but that he pronounced the prophecy against me; for by fleeing, as he advised, it would seem that he was guilty of the crimes of rebellion and treason he was charged with; and leaving the people, as they would in course break up, he himself could not be long in safety, no, not in the temple:

for Tobiah and Sanballat had hired him; this he found out afterwards, on purpose to intimidate him, and take such measures as that thereby he would lose his character and his influence.

And, lo, I perceived that God had not sent him; but that he pronounced this prophecy against me: for Tobiah and Sanballat had hired him.
12. And lo, I perceived that] R.V. And I discerned, and, lo. The R.V. gives the verb the requisite sense of ‘recognition’ as in Genesis 27:23, ‘he discerned him not.’ Not as some commentators ‘I considered.’ Of a sudden, as it were, Nehemiah distinguishes the man’s object. The interjection ‘and, lo,’ follows after the recognition of Shemaiah’s character and intent.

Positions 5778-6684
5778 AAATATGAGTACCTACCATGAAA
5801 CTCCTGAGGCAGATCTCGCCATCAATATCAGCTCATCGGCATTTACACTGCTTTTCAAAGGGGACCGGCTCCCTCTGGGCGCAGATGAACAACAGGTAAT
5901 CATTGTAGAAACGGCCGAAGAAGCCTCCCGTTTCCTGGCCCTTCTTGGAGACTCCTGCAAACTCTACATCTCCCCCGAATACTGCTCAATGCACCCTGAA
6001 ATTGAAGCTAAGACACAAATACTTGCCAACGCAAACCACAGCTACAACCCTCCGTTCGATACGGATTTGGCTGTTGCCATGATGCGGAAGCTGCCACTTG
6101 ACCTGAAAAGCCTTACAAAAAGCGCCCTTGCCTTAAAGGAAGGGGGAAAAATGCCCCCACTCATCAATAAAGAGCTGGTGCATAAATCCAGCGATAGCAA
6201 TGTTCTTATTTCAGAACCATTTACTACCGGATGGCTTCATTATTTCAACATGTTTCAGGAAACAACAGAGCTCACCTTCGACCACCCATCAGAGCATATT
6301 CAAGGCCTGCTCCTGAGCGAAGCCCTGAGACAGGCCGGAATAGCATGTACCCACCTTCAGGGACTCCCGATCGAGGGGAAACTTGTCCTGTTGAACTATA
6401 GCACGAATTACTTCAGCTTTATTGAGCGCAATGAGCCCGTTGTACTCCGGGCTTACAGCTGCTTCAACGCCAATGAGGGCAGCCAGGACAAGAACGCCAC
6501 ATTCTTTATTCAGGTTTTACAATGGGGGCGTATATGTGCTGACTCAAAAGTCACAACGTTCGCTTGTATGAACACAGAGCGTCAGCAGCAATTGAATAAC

God had not sent him] The emphasis lies on ‘God,’ i.e. it was not God that sent him, but Sanballat and his party. Cf. Jeremiah 23:21, ‘I sent not these prophets, yet they ran: I spake not unto them, yet they prophesied.’ Nehemiah’s words probably refer to the Deuteronomic law about the false prophet that ‘speaketh rebellion against God’ and seeketh ‘to draw thee away from the Lord thy God’ (Deuteronomy 13:5; Deuteronomy 13:10).

he pronounced this prophecy against me] i.e. his prophecy was not on behalf of God to declare a divine message, but to oppose Nehemiah.

for (R.V. And) Tobiah and Sanballat] The clause is not a parenthetical explanation, but gives the third point which Nehemiah ‘discerned’ in Shemaiah’s action. He had ‘discerned’ (1) that Shemaiah’s message was not of God, (2) that its purpose was hostile to himself, (3) that it was the result of bribery on the part of Tobiah and Sanballat.